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Logo of tebMary Ann Liebert, Inc.Mary Ann Liebert, Inc.JournalsSearchAlerts
Tissue Engineering. Part B, Reviews
Tissue Eng Part B Rev. 2008 September; 14(3): 295–306.
PMCID: PMC2761680

Microcomputed Tomography Characterization of Neovascularization in Bone Tissue Engineering Applications

Simon Young, D.D.S., Ph.D.,1 James D. Kretlow, B.S., B.A.,1 Charles Nguyen, M.D.,2 Alex G. Bashoura, D.D.S., M.D.,2 L. Scott Baggett, Ph.D.,3 John A. Jansen, D.D.S., Ph.D.,4 Mark Wong, D.D.S.,2 and Antonios G. Mikos, Ph.D.corresponding author1


Vasculogenesis and angiogenesis have been studied for decades using numerous in vitro and in vivo systems, fulfilling the need to elucidate the mechanisms involved in these processes and to test potential therapeutic agents that inhibit or promote neovascularization. Bone tissue engineering in particular has benefited from the application of proangiogenic strategies, considering the need for an adequate vascular supply during healing and the challenges associated with the vascularization of scaffolds implanted in vivo. Conventional methods of assessing the in vivo angiogenic response to tissue-engineered constructs tend to rely on a two-dimensional assessment of microvessel density within representative histological sections without elaboration of the true vascular tree. The introduction of microcomputed tomography (micro-CT) has recently allowed investigators to obtain a diverse range of high-resolution, three-dimensional characterization of structures, including renal, coronary, and hepatic vascular networks, as well as bone formation within healing defects. To date, few studies have utilized micro-CT to study the vascular response to an implanted tissue engineering scaffold. In this paper, conventional in vitro and in vivo models for studying angiogenesis will be discussed, followed by recent developments in the use of micro-CT for vessel imaging in bone tissue engineering research. A new study demonstrating the potential of contrast-enhanced micro-CT for the evaluation of in vivo neovascularization in bony defects is described, which offers significant potential in the evaluation of bone tissue engineering constructs.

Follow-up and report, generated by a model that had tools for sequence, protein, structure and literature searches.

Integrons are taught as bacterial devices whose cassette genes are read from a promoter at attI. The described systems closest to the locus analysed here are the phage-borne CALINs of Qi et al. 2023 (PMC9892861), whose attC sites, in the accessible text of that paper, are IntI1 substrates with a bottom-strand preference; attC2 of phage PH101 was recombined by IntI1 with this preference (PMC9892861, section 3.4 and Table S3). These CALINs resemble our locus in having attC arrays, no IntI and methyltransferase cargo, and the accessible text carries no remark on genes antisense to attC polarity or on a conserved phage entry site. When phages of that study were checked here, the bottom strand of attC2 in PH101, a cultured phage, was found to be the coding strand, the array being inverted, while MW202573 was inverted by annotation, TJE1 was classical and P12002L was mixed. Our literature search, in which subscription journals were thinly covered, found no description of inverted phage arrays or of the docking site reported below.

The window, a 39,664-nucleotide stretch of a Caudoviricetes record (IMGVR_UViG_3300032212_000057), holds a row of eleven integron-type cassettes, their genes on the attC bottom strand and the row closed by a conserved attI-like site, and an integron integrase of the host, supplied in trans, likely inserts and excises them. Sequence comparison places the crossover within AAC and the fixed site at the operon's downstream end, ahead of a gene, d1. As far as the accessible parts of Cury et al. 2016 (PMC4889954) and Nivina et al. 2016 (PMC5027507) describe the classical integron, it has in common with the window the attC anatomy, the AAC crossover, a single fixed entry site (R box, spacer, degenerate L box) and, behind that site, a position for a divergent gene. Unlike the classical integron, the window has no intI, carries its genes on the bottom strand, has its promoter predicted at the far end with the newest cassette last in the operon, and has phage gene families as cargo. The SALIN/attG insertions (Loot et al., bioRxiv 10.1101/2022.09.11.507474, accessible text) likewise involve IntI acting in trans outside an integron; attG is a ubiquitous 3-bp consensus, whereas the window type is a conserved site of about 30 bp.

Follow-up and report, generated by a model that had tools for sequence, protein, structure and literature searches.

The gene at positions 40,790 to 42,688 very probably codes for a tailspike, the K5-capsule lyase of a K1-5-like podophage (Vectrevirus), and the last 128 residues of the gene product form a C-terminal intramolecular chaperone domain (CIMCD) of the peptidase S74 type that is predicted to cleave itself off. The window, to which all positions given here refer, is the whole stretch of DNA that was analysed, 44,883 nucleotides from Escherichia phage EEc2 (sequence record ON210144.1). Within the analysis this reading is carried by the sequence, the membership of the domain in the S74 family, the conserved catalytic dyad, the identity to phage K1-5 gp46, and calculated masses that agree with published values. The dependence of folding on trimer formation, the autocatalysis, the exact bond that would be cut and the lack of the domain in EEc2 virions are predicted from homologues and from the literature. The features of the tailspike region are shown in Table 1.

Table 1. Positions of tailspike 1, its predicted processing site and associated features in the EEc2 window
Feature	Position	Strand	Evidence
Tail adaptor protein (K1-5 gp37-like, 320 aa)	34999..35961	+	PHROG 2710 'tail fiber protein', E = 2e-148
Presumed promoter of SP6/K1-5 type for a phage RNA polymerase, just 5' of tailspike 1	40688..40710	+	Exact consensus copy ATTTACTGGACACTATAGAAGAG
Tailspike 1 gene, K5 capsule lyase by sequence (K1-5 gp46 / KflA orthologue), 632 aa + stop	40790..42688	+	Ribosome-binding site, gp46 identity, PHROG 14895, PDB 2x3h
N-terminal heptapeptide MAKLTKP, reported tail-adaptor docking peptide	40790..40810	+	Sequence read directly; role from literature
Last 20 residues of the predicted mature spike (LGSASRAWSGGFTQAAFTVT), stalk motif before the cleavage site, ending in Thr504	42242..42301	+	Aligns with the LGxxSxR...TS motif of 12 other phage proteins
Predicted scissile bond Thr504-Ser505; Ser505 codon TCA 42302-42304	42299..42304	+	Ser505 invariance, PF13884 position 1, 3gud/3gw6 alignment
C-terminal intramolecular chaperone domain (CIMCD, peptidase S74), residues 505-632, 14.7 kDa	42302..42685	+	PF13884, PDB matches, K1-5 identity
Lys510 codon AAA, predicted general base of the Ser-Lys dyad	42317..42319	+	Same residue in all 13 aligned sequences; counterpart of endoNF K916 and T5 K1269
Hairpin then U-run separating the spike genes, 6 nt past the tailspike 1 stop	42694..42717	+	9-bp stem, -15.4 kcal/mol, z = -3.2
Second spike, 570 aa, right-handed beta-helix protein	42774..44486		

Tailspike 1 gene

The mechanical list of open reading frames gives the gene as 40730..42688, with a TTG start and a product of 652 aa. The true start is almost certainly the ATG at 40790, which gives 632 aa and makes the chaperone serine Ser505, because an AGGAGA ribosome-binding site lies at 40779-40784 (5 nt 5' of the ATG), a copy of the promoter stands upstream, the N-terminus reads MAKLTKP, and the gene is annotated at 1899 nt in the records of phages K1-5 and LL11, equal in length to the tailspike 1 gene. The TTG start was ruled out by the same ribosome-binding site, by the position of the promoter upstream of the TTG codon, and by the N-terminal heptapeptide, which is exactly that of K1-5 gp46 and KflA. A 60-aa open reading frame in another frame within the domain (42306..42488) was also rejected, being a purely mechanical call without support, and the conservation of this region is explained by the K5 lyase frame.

The importance of blood vessel formation in the wound healing environment has become increasingly well established over the past few decades. In the past, it was commonly supposed that the formation of new blood vessels in the embryo involved the differentiation of endothelial cells from mesoderm-derived precursor cells (vasculogenesis), while in the adult, new vessels arose solely from preexisting vascular networks through the proliferation and migration of differentiated endothelial cells (angiogenesis).1 There is increasing evidence, however, that endothelial precursor cells (EPCs) are an essential contributor to adult neovascularization in the settings of ischemia, malignancy, and inflammation.2 Consequently, Velazquez3 has attributed neovascularization in the wound healing cascade to events occurring in two separate areas: (1) the remote mobilization of progenitor cells (including EPCs) from the bone marrow in response to various signaling pathways and (2) the action of local factors within the wound itself, which stimulates angiogenesis from the existing vasculature and promotes the recruitment of circulating bone marrow–derived EPCs that contribute to vasculogenesis. Lastly, the process of arteriogenesis (a process distinct from neovascularization) has been described in the adult as a third mechanism of resolving ischemia from vessel occlusion, in which preexisting small collateral vessels are able to increase their diameter within a very short period of time.4